From social taboos to long paid holidays, here's what it's like getting fired in 6 different countries
- When Americans get laid off, employers give them just hours to pack their belongings and leave.
- Other countries don't have the same approach. Germany lets laid off workers stick around for weeks after the fact, while
Swedenhas programs to help retrain fired employees and get them new jobs.
Japan, layoffs are even considered a social taboo.
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In other countries, however, this practice would be considered absurd - or even cruel. In Germany and other European nations, laid-off employees get weeks to stick around so they can finish projects and get a head start on applying to new jobs,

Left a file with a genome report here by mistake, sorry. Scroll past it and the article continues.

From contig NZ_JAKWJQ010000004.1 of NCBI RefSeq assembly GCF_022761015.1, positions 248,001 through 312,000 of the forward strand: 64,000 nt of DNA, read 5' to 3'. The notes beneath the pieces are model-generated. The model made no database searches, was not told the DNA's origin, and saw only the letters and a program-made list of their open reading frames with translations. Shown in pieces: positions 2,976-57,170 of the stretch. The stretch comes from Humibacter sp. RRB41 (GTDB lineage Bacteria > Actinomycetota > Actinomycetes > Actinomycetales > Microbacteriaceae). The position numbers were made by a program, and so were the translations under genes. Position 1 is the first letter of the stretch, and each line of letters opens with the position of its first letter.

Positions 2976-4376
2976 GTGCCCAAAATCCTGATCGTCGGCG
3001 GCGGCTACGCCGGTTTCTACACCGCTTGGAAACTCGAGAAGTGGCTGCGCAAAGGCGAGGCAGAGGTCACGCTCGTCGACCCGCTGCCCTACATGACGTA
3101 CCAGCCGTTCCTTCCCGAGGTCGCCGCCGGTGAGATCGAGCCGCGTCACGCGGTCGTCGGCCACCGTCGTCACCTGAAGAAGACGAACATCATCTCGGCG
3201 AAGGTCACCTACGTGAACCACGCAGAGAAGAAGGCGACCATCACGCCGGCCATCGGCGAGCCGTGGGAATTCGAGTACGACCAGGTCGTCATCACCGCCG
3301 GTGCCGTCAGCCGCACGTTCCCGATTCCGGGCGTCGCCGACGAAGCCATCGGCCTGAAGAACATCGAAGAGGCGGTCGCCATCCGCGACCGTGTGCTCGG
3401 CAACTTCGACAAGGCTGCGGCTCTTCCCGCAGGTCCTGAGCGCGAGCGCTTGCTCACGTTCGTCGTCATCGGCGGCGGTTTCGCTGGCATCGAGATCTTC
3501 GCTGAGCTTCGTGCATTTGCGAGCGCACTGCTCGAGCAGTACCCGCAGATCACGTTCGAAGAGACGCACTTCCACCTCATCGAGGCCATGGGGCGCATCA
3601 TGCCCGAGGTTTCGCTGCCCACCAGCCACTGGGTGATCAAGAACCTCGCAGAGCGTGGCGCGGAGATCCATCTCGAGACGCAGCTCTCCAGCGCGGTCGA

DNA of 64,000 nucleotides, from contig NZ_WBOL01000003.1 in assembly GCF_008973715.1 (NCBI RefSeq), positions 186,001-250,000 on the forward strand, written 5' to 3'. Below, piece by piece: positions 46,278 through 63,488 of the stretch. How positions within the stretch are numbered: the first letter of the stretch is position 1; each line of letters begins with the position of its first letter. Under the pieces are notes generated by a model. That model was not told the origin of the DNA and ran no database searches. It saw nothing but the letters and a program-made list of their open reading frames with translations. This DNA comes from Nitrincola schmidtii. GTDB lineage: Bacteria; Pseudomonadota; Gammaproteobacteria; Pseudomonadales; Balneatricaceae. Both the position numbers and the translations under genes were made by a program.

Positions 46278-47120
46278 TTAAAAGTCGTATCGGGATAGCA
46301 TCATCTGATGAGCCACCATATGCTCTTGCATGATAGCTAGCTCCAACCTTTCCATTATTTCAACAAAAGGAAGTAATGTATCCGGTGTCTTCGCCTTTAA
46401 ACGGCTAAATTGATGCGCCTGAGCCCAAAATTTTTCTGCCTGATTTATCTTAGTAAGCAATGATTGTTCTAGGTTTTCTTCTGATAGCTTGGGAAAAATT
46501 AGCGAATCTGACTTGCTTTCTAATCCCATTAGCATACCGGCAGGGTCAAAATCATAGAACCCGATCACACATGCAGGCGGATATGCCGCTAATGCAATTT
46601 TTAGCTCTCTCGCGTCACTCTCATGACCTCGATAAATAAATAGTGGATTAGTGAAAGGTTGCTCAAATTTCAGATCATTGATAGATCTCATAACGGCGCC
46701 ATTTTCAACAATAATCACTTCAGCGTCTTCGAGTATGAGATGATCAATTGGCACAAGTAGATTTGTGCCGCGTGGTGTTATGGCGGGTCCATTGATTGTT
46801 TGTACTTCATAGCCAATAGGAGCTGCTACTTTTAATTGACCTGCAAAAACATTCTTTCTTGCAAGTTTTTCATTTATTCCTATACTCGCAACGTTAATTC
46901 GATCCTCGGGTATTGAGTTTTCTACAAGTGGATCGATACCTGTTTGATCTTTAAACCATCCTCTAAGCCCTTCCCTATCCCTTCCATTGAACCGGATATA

"Firing in the US is like pulling off a Band-Aid: you have a problem, you pull out the Band-Aid, it hurts a lot, and the problem's gone," she said. "In Europe, it's more like boiling a lobster: you put the lobster in, slowly the lobster cooks, and finally the time is done."
Here's what it's like to be fired in six different countries.